Workers in the United States are earning an average of 23 percent less than earnings from jobs that were lost during the economic recession that began in 2008, according to a new report.
The average salary in sectors where jobs were lost - especially manufacturing and construction - during the recession was $61,637, according to the report from the United States Conference of Mayors (USCM). In comparison, job gains in those sectors through the second quarter of 2014 came with average wages of $47,171. The difference comes out to a $93 billion in lower wage income, the USCM found.
"Under a similar analysis conducted by the Conference of Mayors during the 2001-2002 recession, the wage gap was only 12% compared to the current 23%--meaning the wage gap has nearly doubled from one recession to the next," said the Conference of Mayors in a statement.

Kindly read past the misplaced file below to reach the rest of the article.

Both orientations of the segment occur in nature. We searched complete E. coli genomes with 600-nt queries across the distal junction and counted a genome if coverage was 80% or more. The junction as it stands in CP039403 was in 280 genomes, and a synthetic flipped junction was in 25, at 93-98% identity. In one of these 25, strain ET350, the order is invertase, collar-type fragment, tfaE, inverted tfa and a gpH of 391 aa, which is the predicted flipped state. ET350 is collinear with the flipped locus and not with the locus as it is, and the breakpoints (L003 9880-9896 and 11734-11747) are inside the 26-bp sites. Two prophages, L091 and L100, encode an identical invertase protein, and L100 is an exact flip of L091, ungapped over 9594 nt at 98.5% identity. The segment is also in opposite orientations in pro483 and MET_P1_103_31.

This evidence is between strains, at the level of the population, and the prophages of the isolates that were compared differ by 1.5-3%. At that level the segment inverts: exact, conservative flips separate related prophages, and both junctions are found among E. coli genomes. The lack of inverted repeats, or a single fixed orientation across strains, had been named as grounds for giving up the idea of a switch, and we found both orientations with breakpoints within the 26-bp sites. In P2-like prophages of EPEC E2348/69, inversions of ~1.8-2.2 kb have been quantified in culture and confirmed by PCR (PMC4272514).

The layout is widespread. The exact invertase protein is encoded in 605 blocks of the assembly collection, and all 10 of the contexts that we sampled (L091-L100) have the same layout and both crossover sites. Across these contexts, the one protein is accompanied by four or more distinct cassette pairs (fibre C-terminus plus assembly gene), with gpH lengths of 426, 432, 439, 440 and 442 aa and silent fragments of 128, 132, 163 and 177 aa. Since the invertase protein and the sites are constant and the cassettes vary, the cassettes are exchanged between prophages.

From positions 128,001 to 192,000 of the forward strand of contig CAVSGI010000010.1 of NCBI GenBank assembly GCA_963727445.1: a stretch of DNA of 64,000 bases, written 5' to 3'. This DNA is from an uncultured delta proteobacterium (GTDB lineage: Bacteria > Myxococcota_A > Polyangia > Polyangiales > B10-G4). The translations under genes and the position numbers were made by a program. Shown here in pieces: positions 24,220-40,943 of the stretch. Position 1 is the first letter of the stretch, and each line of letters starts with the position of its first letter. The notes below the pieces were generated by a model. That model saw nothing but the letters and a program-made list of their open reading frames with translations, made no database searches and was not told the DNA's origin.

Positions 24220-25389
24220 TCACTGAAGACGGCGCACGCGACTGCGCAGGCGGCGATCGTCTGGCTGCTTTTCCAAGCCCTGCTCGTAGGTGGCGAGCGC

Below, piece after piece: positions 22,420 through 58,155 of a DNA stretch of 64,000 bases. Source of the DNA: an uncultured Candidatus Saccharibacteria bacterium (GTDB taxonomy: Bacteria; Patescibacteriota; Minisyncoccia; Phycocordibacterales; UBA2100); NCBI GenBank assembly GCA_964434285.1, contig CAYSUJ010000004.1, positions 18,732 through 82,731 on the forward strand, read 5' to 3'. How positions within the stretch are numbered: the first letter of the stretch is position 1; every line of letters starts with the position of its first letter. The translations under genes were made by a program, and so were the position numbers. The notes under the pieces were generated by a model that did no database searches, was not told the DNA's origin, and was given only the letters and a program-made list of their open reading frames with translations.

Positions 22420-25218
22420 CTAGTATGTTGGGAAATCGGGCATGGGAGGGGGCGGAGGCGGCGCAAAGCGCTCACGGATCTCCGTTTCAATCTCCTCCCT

The report also said that 73 percent of metro-area households earn salaries of less than $35,000 a year.
USCM represents US cities with populations of more than 30,000.
Meanwhile, the US Labor Department recently reported that more than 200,000 jobs were created for the sixth straight month in July, though wages were stagnant.
Workers in the US earned an average of $24.45 an hour in July, up one cent from June. In the last year, wages have grown just 2 percent, basically stuck at the same level since late 2009.